Home > 5e, Adventure, DnD, Lore, News, Tips > The Role of Rolls – Skills Numerical and Non

The Role of Rolls – Skills Numerical and Non

February 7, 2012

There is a bit of a philosophical debatSkills - like perception, or stealthe going on about DnDnext. Many players who were introduced to Dungeons & Dragons through 3rd or 4th edition have a different view of skills then those who grew up with earlier editions. In WotC’s quest to unify D&D under one big tent, the community must confront balancing player skill vs. PC skill.

The 4e mechanic of skill challenges may have exacerbated the situation. Skill challenges tried to quantify roleplaying challenges and reward making character building choices sometimes at the expense of actual roleplaying. This commonly occurs during a skill challenge when a player says something along the lines of, “I’m rolling diplomacy… I got a 19.” This makes the “old guard” cringe.

Ideally, you would come up with a convincing argument, and speak in character to the GM. Something like, “We are honored to be in your presence your majesty. Forgive our intrusion m’lord, but we come bearing urgent news. Your enemies gather on the border and are threatening war!” In the old days, the DM would evaluate how you presented yourself and make a judgement on the spot as to how the NPC would react. This requires some serious improv skills on both the player and the GMs part.

Some people just aren’t into this style of play, while others live for it. How does DnDnext plan on bridging this gap between a PC’s role in the party and what they “should” be good at, and rewarding player ingenuity for creative solutions outside the numbers?

I would propose I hybrid approach, and would be surprised if this wasn’t too far off the mark. (If I get a cease and desist from WotC, I’ll know I’m *really* close!) What I would do is have skills similar to that of 3e and 4e, but reward significant bonuses for creative role-playing. If you just roll a die, maybe you get that score, maybe there is a penalty for not role-playing, but if you describe what your character is doing in detail (for physical skills) or make a convincing speech/bluff/argument (for social skills) the DM would have the option of lowering the DC or providing a bonus to the check, anywhere from +2 to +10, if it is incredible. That provides a mechanical reward for out-of-the-box, off-the-character-sheet thinking. A roll would still be required, and a 1 would auto-fail, and a 20 would always succeed (you’ve always got at least a chance, no matter how improbable), I think this system could lead to a really great experience and encourage some really awesome role-playing. What’s more essential to ALL the editions than that!?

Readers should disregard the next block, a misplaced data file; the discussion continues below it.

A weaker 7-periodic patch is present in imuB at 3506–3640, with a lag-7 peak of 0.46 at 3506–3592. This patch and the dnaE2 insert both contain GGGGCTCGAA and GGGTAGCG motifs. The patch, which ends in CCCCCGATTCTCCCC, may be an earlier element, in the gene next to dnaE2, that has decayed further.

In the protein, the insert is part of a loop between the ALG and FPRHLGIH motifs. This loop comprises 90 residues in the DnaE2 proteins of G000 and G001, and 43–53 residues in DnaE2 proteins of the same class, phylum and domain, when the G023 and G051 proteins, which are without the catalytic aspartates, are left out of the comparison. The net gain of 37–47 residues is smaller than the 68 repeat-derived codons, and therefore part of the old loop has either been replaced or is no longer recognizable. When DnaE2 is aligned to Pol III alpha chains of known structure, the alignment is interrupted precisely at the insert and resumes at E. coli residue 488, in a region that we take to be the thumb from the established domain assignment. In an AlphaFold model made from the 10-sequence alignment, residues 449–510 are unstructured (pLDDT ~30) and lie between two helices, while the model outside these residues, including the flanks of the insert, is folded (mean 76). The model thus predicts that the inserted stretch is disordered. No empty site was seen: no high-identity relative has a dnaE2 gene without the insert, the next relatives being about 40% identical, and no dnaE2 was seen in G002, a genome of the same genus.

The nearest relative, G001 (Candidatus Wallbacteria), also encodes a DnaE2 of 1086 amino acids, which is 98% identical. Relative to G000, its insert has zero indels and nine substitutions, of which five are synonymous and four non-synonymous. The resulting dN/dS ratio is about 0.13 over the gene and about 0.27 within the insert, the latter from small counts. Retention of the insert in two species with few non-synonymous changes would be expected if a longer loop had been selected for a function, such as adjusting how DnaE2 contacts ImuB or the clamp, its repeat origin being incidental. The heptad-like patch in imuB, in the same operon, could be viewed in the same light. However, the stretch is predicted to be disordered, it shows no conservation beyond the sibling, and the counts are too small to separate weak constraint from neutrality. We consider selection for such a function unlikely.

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  1. February 7, 2012 at 10:26 pm

    This reminds me of something that happened in a long running game of mine. One player, the primary diplomacy roller, gave his stab at diplomacy, which was fairly eloquent and was quite close. Another player, attempting to assist, simply said, “Yeah!”. Good for a laugh, but not exactly serious role-play.

    Certainly can’t penalize idiocy, but leaving those decisions in the GM’s hands has got to be the way it unfolds. And I think you might anticipate a C&D letter from Wizards, based what I’m seeing on ENworld.

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